In a special edition of ’10 minutes with’, Emily Dalton sits down with Newsworks to talk about making the switch from hospitality to journalism, her dream of being a foreign correspondent and her flamboyant choice of fantasy dinner party guest…
First off, congrats on your award. How does it feel?
I’m over the moon about it! I was ecstatic to even be short-listed so it feels great that people like my work.
How did you get into student journalism?
I’ve been interested in journalism and current affairs for a long time but never felt confident or qualified to do. My family and I would often talk what was happening in the news and politics at the end of the day.
It was only after doing my undergrad when I realised — why am I denying myself something I want to do? So I applied for a Journalism MA. I was working in hospitality at the time and just loved talking to people and hearing their stories. Journalism gives me the opportunity to write about human experience and speak truth to power.
What makes student journalism important to university life?
It’s a really good way for students to try out new things, see what works and what doesn’t in a relatively risk-free way. Students can be an elusive presence in cities — seen but never heard. Student publications can really empower students to raise their voice and talk about what matters to them and hold people to account.
What’s been the highlight of your student journalism career so far?
Other than winning an award? I’ll never get tired of how much people genuinely want to talk to journalists and share their experience. You feel really valued and like you can make a difference.
Best scoop (yours or someone else’s)?
I’m in awe of investigative journalism. Partygate, the Windrush scandal, MPs’ expenses — they’re all brilliant work that has profoundly shaped politics, the way we hold power to account and how society acts today.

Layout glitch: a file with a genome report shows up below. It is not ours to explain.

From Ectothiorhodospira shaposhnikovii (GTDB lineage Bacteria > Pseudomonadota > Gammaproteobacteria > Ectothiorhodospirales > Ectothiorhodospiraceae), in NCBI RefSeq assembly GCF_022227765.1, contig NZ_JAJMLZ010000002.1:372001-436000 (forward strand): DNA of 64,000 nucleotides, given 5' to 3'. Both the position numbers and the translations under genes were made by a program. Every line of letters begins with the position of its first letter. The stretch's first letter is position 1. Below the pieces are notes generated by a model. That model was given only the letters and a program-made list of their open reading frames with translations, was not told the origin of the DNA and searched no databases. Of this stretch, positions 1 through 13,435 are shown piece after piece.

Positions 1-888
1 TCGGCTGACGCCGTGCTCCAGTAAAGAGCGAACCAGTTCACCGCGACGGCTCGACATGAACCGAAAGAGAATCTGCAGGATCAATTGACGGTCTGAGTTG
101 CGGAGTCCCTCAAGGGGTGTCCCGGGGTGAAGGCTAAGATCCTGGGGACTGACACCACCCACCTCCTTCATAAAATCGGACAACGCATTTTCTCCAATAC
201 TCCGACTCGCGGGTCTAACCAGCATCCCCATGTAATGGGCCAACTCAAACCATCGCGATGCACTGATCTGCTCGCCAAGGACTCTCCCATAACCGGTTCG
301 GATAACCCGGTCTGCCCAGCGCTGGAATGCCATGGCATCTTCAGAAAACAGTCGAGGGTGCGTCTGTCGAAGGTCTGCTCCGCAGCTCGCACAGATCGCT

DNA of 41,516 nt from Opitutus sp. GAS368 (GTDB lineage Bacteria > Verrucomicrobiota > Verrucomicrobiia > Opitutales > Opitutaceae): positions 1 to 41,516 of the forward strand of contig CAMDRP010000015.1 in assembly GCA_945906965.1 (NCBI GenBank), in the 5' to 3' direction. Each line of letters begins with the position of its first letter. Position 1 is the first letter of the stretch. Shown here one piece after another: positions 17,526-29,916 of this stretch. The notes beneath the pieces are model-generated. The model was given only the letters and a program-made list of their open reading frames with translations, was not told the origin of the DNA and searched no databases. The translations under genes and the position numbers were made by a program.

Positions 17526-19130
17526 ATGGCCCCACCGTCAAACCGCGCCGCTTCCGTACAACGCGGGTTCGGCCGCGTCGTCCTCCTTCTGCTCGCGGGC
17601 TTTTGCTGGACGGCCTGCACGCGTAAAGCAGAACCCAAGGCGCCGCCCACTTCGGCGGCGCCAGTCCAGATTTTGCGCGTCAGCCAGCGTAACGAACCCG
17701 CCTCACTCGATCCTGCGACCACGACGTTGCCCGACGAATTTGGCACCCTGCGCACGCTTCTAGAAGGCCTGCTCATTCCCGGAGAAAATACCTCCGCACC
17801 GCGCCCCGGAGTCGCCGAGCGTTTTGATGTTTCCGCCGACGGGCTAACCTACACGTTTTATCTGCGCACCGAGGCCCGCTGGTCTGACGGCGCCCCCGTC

Why does journalism matter to wider society?
There’s a famous George Orwell quote about journalism is printing something that someone else doesn’t want printed. It’s about holding power to account for their actions or inactions and platforming human experiences. Speaking truth to power is essential but it’s the storytelling that readers connect to, not a list of statements.
What’s next for you?
I’m currently applying for political reporting roles and would love to be placed in a national paper. My dream is to be a foreign correspondent reporting on politics and society in another country. I’d love to branch out into broadcast and podcasting more — you get to have conversations with super interesting people and share them with the world.
What’s the best piece of advice you’ve been given?
I struggle with favourites, so have two.
1. Fake it until you make it. No one knows what they’re doing so pretend you have the confidence and go for it.
2. Approach everything with intention. It seems obvious but often we just go through the motions with things that seem familiar. Intention allows you feel a lot more connected with what you produce.
Who or what inspires you most?
I think inspiration comes in the everyday. We pick up little habits and characteristics from people around us, whether they are friends, family or people we’ve worked with. But I think a healthy amount of northern grit also goes a long way.
Who would be your fantasy dinner party guests and why?
I’m a bit of a literature geek so I would love to have Oscar Wilde. I just adore his witticisms and flamboyance.
Gym or gin?
I’m a bit of a gym gal but I struggle to say no to a drink if I’m in good company.